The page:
This shows two rays, one from each edge of the slit (or aperture) to show how they interfere when they intersect.
You can adjust the slit width (a), the distance to the screen, and the position of intersection of the two rays (effectively, the angle of the ray from the normal to the slit)
It will then calculate the energy of the two superposed waves: Positive for a peak, negative for a trough, and zero for destructive interference, where the dark nodal lines will be seen.
This diagram should be used with the formula for calculating the angle of the m-th dark nodes in a single slit diffraction with light of wavelegth [math] and slit of width a.
It addresses some misconceptions present in many textbooks:
- The rays only interfere when they intersect. Parallel rays can never interfere. It is true that in the real world the angle between the rays is very small, since the distance to the screen is typically 10000x the slit width. But they are still not parallel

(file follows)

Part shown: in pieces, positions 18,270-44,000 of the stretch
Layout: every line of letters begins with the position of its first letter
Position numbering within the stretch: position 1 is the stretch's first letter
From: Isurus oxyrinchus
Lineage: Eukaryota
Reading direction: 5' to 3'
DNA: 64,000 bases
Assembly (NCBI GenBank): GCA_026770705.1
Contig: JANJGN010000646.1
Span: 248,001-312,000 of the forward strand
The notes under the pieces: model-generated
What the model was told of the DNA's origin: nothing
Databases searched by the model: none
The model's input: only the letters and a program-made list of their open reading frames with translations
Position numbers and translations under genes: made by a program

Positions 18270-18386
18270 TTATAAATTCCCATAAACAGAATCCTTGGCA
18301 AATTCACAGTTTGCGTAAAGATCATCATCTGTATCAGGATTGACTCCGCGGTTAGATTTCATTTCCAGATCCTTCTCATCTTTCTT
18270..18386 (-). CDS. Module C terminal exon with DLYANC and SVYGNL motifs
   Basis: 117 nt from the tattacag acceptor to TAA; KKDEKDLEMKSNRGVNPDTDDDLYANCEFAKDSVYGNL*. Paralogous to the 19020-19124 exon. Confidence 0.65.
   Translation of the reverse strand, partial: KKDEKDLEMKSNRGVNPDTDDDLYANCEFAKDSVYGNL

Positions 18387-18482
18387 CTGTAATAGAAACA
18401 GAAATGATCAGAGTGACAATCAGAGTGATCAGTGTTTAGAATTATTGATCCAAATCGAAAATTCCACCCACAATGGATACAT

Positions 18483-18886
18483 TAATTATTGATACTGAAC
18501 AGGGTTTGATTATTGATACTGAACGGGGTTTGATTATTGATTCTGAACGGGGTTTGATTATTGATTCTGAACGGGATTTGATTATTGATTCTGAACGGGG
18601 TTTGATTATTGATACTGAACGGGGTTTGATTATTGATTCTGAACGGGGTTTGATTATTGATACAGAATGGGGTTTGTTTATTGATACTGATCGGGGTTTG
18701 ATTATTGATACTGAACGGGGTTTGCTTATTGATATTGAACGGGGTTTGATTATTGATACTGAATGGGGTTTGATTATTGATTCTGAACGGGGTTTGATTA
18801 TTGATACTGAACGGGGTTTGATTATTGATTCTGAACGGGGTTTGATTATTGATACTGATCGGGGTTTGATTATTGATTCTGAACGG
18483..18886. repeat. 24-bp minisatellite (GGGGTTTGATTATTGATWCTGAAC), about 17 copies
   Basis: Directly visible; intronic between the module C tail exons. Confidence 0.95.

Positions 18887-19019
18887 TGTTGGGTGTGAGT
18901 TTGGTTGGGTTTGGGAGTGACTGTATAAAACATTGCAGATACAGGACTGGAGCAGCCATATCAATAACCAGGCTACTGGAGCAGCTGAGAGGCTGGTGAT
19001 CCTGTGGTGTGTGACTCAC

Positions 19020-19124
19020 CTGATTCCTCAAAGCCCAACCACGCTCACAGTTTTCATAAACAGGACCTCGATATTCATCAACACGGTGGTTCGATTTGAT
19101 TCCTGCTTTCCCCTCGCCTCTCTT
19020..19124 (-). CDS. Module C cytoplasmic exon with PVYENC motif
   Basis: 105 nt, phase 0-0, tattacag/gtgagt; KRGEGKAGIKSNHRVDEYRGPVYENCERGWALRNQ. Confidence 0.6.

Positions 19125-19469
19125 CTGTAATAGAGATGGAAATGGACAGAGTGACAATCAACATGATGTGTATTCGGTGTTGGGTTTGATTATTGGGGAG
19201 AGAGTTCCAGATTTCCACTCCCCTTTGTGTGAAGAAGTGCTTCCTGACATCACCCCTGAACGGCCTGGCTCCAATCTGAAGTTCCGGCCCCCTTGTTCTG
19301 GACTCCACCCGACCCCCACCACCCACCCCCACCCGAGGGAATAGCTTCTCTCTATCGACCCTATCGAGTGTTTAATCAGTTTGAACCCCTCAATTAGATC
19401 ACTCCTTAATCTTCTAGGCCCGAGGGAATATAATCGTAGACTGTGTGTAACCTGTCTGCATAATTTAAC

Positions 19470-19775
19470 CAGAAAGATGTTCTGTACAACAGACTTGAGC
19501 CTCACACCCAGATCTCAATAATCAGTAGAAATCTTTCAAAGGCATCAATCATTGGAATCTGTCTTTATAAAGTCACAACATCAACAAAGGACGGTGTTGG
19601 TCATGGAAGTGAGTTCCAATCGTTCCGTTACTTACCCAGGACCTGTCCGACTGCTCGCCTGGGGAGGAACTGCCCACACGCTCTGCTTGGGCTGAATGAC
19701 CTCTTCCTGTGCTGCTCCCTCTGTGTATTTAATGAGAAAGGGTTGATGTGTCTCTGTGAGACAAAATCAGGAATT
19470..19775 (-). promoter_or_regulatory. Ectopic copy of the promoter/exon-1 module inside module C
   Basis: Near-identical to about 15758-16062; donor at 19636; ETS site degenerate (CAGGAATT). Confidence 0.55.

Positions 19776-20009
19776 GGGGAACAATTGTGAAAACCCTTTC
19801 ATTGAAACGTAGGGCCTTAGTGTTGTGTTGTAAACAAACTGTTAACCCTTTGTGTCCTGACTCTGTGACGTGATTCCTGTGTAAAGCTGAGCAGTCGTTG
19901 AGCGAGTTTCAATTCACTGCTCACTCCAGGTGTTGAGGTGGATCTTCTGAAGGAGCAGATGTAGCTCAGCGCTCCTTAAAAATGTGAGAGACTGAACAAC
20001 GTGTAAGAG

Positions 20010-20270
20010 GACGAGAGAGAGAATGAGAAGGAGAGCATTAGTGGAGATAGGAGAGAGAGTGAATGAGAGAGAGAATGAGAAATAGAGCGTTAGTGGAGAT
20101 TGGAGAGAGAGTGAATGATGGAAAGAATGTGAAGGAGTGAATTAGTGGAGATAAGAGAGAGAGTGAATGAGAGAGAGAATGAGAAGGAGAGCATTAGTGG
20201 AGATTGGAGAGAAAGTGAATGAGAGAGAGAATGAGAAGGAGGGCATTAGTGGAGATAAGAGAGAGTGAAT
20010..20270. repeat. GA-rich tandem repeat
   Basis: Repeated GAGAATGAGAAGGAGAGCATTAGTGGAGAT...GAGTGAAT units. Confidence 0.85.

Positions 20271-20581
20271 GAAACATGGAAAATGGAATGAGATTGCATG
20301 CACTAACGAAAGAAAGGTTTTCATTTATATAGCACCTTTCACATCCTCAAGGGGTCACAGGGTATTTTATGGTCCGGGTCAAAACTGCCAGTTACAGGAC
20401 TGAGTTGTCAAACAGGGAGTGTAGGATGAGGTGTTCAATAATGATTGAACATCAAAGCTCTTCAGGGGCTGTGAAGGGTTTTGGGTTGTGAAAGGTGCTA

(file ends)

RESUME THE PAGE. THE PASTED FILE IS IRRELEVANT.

- The rays travel in straight lines. Many people think that the particles do some drunken lurching dance as they move along! The energy varies as the sine of the path (distance travelled) (wavelengths), but not the path itself. This has an important impact - when the two (energy) sine waves intersect, but the ray paths are NOT intersecting, it is merely an artefact of how we have represented the energy. Until the rays intersect, nothing interesting happens.